By Pete Ehrmann Special to Published Nov 11, 2011 at 4:05 PM

According to then-City Treasurer Joseph Krueger, the mission of the Wisconsin Athletic Hall of Fame he founded 60 years ago was to prevent memories of the state's best athletes from fading into oblivion.

"How easily Wisconsin's greats in sports may be forgotten," he said in 1954, mentioning the likes of football's Don Hutson, baseball's Al Simmons and boxing's Richie Mitchell. "There was such inspiration in what they did, they should continue to live in memory long after we're gone."

That doesn't mean just high-profile jocks who call Wisconsin home only during football, baseball and basketball season, either. Or self-aggrandizing coaches of sports dynasties at our hallowed institutions of higher learning whose legends are gilded by high-powered PR operations.

It ought to also include guys like Tom Larkin, a legendary but now little-remembered Milwaukee athlete of more than a century ago once compared to Jim Thorpe, who also became a multi-sport coach lauded in a long-ago Milwaukee Journal headline as "The Man Who Built Champions" – among them some who, unlike Larkin himself, are enshrined in the WAHF.

Born here in 1874, Larkin won the five-mile state speedskating title when he was a student at the 4th Ward School. "He could skate, just as he could swim, all day long," recalled classmate Art Nichol, later a local handball champion.

What he wanted to do most of all was box, but at the Milwaukee Athletic Club, then the cynosure of local sports, they said Larkin was too young. So he took up wrestling instead. Years later, when world heavyweight champion Frank Gotch barnstormed through town and took on all comers at the Star Theater, the 5' 9", 165-pound Larkin alone won the $100 prize by staying the 15-minute limit with him on the mat, despite Gotch's 50-pound weight advantage.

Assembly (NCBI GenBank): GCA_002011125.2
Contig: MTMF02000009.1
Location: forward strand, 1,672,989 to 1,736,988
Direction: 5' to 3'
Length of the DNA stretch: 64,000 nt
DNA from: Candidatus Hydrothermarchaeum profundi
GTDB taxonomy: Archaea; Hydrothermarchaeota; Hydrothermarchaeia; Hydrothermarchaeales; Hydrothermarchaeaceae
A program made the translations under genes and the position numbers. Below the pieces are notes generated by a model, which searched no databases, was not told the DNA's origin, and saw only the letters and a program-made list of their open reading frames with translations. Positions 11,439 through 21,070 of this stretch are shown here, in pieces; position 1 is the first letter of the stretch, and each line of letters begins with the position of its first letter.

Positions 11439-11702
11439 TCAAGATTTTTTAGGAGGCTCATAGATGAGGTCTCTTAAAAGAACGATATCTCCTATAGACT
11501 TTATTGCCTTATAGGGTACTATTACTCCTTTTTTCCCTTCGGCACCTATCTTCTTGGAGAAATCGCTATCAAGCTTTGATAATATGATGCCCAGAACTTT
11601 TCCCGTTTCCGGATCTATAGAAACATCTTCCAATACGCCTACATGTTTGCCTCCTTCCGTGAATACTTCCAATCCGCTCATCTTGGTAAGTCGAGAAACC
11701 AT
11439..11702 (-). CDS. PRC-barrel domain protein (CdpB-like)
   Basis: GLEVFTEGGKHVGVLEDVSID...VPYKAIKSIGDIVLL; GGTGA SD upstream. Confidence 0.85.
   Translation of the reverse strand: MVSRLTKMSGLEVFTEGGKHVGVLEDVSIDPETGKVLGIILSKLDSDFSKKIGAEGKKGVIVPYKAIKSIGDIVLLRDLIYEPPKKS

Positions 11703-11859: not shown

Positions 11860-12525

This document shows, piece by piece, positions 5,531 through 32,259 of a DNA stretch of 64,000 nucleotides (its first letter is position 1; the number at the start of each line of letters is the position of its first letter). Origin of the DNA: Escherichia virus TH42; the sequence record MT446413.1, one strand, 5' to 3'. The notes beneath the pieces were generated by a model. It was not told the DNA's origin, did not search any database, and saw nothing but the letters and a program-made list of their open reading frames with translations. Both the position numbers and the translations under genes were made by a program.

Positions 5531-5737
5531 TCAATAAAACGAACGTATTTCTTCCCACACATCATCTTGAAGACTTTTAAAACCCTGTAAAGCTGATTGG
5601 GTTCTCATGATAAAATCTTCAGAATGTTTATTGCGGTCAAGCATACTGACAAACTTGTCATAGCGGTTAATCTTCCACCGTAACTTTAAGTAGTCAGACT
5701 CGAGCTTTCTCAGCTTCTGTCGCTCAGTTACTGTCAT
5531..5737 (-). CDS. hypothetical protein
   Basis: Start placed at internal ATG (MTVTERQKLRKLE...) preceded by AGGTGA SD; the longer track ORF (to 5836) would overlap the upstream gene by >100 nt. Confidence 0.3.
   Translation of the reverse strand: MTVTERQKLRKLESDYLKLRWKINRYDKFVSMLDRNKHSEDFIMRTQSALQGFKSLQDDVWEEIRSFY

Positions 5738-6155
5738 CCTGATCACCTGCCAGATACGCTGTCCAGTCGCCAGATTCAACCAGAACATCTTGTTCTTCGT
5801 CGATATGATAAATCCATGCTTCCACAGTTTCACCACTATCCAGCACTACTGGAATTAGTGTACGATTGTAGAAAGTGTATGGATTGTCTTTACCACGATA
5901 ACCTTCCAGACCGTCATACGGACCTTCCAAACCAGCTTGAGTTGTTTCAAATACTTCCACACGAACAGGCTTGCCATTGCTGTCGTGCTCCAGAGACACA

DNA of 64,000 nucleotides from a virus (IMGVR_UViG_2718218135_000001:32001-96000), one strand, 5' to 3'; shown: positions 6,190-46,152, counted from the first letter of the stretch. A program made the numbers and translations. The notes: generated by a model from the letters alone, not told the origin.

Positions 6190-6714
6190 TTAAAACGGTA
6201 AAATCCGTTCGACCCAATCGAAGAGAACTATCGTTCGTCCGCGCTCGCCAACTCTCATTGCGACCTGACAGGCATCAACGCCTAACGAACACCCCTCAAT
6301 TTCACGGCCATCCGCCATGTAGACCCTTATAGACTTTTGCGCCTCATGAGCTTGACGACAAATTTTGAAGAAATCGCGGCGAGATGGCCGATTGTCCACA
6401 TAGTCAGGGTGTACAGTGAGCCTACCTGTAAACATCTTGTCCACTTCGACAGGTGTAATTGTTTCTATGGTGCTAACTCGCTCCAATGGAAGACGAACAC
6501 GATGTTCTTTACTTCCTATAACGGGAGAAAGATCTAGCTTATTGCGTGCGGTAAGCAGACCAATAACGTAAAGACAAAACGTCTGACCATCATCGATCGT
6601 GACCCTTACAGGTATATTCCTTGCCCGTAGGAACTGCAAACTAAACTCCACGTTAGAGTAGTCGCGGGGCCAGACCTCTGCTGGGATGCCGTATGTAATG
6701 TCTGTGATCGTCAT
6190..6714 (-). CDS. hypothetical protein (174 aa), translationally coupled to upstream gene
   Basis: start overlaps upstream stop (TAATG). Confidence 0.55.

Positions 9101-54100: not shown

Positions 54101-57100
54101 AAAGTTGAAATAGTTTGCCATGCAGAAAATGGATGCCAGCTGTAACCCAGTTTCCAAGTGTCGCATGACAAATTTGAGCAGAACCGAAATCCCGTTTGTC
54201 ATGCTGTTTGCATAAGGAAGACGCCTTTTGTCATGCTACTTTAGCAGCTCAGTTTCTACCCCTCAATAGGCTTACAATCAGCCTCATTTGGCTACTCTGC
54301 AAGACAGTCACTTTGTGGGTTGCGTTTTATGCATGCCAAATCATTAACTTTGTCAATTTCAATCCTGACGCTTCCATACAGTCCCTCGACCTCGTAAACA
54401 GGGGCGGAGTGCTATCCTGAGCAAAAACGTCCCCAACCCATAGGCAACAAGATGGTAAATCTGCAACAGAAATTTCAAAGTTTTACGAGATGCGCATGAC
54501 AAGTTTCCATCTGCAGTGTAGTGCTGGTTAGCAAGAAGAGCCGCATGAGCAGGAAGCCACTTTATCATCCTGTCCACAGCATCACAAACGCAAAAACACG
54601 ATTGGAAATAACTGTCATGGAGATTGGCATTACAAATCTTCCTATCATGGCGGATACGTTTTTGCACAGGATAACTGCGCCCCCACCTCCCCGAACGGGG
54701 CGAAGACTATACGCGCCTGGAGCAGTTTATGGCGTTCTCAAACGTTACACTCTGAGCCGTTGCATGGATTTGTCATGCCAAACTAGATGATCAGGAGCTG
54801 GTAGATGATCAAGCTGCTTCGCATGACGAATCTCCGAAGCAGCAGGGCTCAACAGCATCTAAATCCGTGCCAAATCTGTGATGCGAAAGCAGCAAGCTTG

In 1895 the most famous athlete in the world was a Prussian man born Frederich Wilhelm Mueller, known to the audiences that came to gape at him as Eugen Sandow, the most perfectly developed specimen of manhood extant. He made up to $2,500 a week showing off his muscles in an act described by David L. Chapman in his biography, "Sandow the Magnificent:"

"...The curtain went up revealing Sandow on a pedestal. The strongman was dressed in tights and turned around as colored lights were flashed upon him. He then flexed his muscles, exhibiting his amazing muscle control by making them jump and flutter to music. Next he dismounted from his pedestal and took up two 56-pound dumbbells and turned a backward somersault ... He next performed the same trick blindfolded and with his feet tied."

Sandow's grand finale was lying on his back and balancing three full-grown horses standing on a board laid across his stout chest.

No wonder that when Larkin saw him perform at the MAC in 1895 he made up his mind to become "a second Sandow." The results made peoples' jaws drop. "Sandow with his golden hair might have been able to lift a heavier weight than Larkin," wrote Oliver Kuechle in The Milwaukee Journal in 1948, "but even Sandow couldn't do all that Larkin did." That included endless pull-ups on the gymnastic rings with first his left arm and then his right arm. Try it; it'll make a great tweet if you can still feel your arms.